So why do people grind or clench their teeth????

    No specific correlation has been linked to anything in particular but grinding/clenching is usually broughtby stress and anxiety. It can occur while awake, but often occurs during sleep. Although not proven with any solid research, theory suggests that uneven bite and crooked teeth can shift the bite forces on one side of the mouth more than the other causing jaw muscles to fire actively.

    How can you find out if you’re grinding/clenching????

    Because grinding often occurs during sleep, most people are unaware that they grind their teeth. However, a dull, constant headache or sore jaw is usually a good sign. Many times people learn that they grind their teeth by their loved one who hears the grinding at night. Wear patterns on the teeth when examined by dentists is also able to distinguish possibility of grinding.

    If you suspect you may be grinding your teeth, talk to your dentist. He or she can examine your mouth and jaw for signs of bruxism, such as jaw tenderness and wear patterns in your teeth including signs of craze lines, fractures or secondary periodontal disease caused by traumatic grinding/clenching.

    Risks of Grinding

    Constant teeth grinding can result in a generalized sensitivity in teeth, fracturing, loosening, or even loss of teeth. The chronic grinding may wear their teeth down significantly exposing the more sensitive tooth structure of dentin. When these events happen, more invasive restorations such as root canals, crowns, bridges and sometime even a tooth removal may be required.

    Not only can severe grinding damage teeth and result in tooth loss, it can also affect your jaws, resulting in the TMJ problems as mentioned earlier. Worn down teeth can cause the facial profile to look much older due to inadequate tooth support for the lips and cheek muscles that surround the mouth.

    Lack of adequate tooth height, inappropriate shape and dark color of teeth can cause aesthetic compromises and may cause social awkwardness in individuals.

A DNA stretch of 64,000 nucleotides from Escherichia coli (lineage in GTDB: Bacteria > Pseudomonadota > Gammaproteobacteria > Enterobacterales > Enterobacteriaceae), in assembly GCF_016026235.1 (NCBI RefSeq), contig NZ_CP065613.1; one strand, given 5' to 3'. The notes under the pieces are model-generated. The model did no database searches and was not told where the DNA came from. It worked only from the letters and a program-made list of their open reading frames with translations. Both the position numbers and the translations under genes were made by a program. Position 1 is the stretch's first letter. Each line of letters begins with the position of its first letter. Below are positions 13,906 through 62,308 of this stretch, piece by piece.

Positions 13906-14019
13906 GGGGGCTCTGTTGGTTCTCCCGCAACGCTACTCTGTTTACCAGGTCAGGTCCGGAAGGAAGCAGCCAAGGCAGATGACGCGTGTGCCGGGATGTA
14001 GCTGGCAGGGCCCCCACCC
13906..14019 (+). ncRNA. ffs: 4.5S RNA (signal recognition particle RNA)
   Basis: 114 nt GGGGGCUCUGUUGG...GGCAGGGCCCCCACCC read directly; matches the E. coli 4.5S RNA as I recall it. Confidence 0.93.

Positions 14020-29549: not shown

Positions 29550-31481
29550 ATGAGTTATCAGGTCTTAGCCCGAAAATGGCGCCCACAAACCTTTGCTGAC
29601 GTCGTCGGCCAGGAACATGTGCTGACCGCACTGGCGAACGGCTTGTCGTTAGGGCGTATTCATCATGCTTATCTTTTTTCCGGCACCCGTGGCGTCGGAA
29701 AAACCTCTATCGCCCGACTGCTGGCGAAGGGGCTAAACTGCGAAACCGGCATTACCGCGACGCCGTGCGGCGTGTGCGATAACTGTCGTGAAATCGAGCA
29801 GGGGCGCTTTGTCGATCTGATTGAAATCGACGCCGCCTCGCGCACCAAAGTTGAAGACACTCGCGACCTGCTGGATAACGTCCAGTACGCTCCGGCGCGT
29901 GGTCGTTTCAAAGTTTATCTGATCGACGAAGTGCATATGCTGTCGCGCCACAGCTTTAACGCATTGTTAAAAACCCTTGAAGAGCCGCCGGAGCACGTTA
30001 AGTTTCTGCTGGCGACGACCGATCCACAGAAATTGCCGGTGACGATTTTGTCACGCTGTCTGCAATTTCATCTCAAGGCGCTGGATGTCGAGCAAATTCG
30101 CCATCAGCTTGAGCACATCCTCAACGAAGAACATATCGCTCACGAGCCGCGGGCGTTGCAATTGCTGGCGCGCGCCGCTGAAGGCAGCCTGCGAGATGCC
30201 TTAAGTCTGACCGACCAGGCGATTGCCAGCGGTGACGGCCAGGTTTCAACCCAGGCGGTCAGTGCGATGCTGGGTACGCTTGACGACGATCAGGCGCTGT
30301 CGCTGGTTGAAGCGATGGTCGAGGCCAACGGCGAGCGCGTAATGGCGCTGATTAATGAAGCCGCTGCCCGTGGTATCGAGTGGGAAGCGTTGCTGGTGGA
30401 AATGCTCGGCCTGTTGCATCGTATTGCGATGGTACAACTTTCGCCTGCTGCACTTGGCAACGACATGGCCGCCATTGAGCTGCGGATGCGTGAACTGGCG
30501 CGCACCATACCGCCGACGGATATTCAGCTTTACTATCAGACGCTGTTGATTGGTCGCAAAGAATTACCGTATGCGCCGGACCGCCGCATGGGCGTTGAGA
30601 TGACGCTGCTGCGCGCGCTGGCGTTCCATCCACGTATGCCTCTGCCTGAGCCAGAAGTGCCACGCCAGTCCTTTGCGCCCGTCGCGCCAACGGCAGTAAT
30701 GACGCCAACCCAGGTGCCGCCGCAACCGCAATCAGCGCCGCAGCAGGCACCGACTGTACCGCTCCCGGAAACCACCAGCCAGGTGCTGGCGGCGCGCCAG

How can I Stop Grinding?

    Your dentist can fit you with a mouth guard to protect your teeth from grinding during sleep or even when you’re awake.

    If stress is causing you to grind your teeth, ask your doctor or dentist about options to reduce your stress. Attending stress counseling, starting an exercise program like yoga, seeing a physical therapist, or obtaining a prescription for muscle relaxants are among some of the options that may be offered depending on signs and symptoms once examined by your dentist.

    Other tips to help you stop teeth grinding include:

    • Avoid or cut back on foods and drinks that contain acidic content such as colas, sport beverages, excessive juice.
    • Avoid alcohol. Grinding tends to intensify after alcohol consumption.
    • Do not chew on pencils or pens or anything that is not food. Avoid biting your nails. Avoid chewing gum as it allows your jaw muscles to get more used to clenching, making them stronger and making you more likely to grind your teeth.
    • Train yourself not to clench or grind your teeth. If you notice that you clench or grind during the day, stretch your jaw muscles by finger pressure massage and opening and closing in a normal range five-ten times within a few minutes. This practice trains your jaw muscles to relax.
    • Relax your jaw muscles at night by holding a warm washcloth against your cheek in front of your earlobe and again stretching your jaw muscles after finger pressure massage.

    As always, consult your dental care provider for a proper examination and evaluation. Please call Round Lake Family Dentistry at (847) 740-0217 to schedule your appointment today.

  • When do you need to get your wisdom teeth removed??

    teeth chart

    When is it recommended to remove the wisdom teeth?

    It is generally recommended to remove the wisdom teeth when:

    1. They are partially erupted, as this can leave an open communication for bacteria to enter and cause an infection

    2. They are growing in such a way that they can damage adjacent teeth or bite into your cheek

    3. If a cyst (fluid filled sac) forms, destroying surrounding structures such as bone or tooth roots.

    Fully erupted 3rd molars in proper bite, without decay or gum disease have no clinical reasons for a full removal. Although, certain dental providers argue that taking the 3rd molars out early in their developments may prevent future nerve damage especially on bottom teeth. The theory is that once the 3rd molars fully develop, their roots may involve the nerve canal which may be damaged during tooth removal.

    Be sure to report any signs or symptoms of wisdom tooth related pain to your dentist. A thorough examination and evaluation of gums and teeth on a regular basis can avoid any possible complications in future.

    As always, call Round Lake Family Dentistry at (847) 740-0217 with any questions/concerns. and Keep Smilling…….